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I just read this article on Slashdot, Game Developers should ignore software pirates, and my first thought was "They finally get it!"

This quote sums it up for me "they weren't customers, they might never be customers, so spending money to try to stop them serves no purpose".

I think a lot of software companies and the music industry spend too much money on fighting small-time piracy, the average user at home who downloads a song or movie or piece of software to play with it. I definitely have a problem with "professional" pirates who make copies and sell it. That is taking away sales from the owner of the software.

It looks like the music industry is slowly starting to realise that making music freely available for download is actually marketing as it exposes your music to more people and most of the people that really like your music will still buy it.

With software it is a different situation though, as people normally don't buy software because they are a fan of a vendor. I think what would work there is to make watered-down versions of the software available for free download and if the user wants more functions, they buy it. Or the general open source method of selling services, extensions, customisations or integration to your product.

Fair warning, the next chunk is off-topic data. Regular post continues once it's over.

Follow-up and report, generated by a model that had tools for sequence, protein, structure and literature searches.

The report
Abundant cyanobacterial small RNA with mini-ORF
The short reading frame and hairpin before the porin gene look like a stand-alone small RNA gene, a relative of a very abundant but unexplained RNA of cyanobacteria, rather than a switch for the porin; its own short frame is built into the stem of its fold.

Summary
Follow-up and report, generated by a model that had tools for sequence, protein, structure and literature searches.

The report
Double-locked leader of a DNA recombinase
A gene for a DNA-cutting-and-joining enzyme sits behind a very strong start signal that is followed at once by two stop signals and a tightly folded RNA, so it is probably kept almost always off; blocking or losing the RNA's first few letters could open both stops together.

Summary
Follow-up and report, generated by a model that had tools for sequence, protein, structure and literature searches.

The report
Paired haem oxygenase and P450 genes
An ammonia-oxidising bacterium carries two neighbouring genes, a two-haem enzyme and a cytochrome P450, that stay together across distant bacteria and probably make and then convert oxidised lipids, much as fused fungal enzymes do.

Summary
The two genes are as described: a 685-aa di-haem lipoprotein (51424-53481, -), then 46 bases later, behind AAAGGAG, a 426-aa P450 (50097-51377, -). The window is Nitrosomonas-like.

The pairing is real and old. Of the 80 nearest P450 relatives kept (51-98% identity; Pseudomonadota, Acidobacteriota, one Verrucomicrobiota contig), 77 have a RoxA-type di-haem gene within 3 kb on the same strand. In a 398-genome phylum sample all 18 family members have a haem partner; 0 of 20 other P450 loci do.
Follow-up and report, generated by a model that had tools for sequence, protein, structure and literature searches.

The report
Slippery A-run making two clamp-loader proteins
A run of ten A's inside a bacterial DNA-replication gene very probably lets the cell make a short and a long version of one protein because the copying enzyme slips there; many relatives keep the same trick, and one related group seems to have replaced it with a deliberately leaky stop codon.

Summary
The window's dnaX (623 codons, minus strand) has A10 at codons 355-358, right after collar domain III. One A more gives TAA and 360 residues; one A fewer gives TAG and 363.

But, let's look at the pure proprietary model. If Microsoft would make a basic version of Word and Excell available for free for example, I don't think they will loose a cent as the users that will use it will mostly be the people that are currently using a version of Office 'borrowed' from their employer or somewhere else. How many home users do buy MS Office? My theory is that the home users that buy MS Office is mostly people that really need to use it and will still buy the version with the more features. Most home users just need a word processor to write the odd document or do a task or a spreadsheet to do the budget.

I know that OpenOffice is the real solution for this situation, but I am now just theorising on the issue if Microsoft will really loose any money if they make a basic version of Word and Excell available for free and stop treating their customers like criminals.

Let's take the Windows XP licensing model. To implement that, Microsoft had to spend millions to set up the callcentres to handle license validation and to set up the infrastructure to manage this whole process (the online validations, etc). What is the value of this? From my point of view it looks like they only managed to alienate their customers as a customer now feels like a criminal. The people they really want to tie down with this system is still not affected as they just use cracked versions of XP or download a cracked key. I have heard many times that frustrated Windows XP users said that it is actually easier to download a cracked key for their legal version of Windows. So what is the point? Would Microsoft not be better off if they made a Home edition of XP or Vista available for free or at least very cheap and not impose a licensing model that makes the user feel like a criminal?

I am sure that this point about Windows licensing have been discussed many times, but I just could not help myself. :-)

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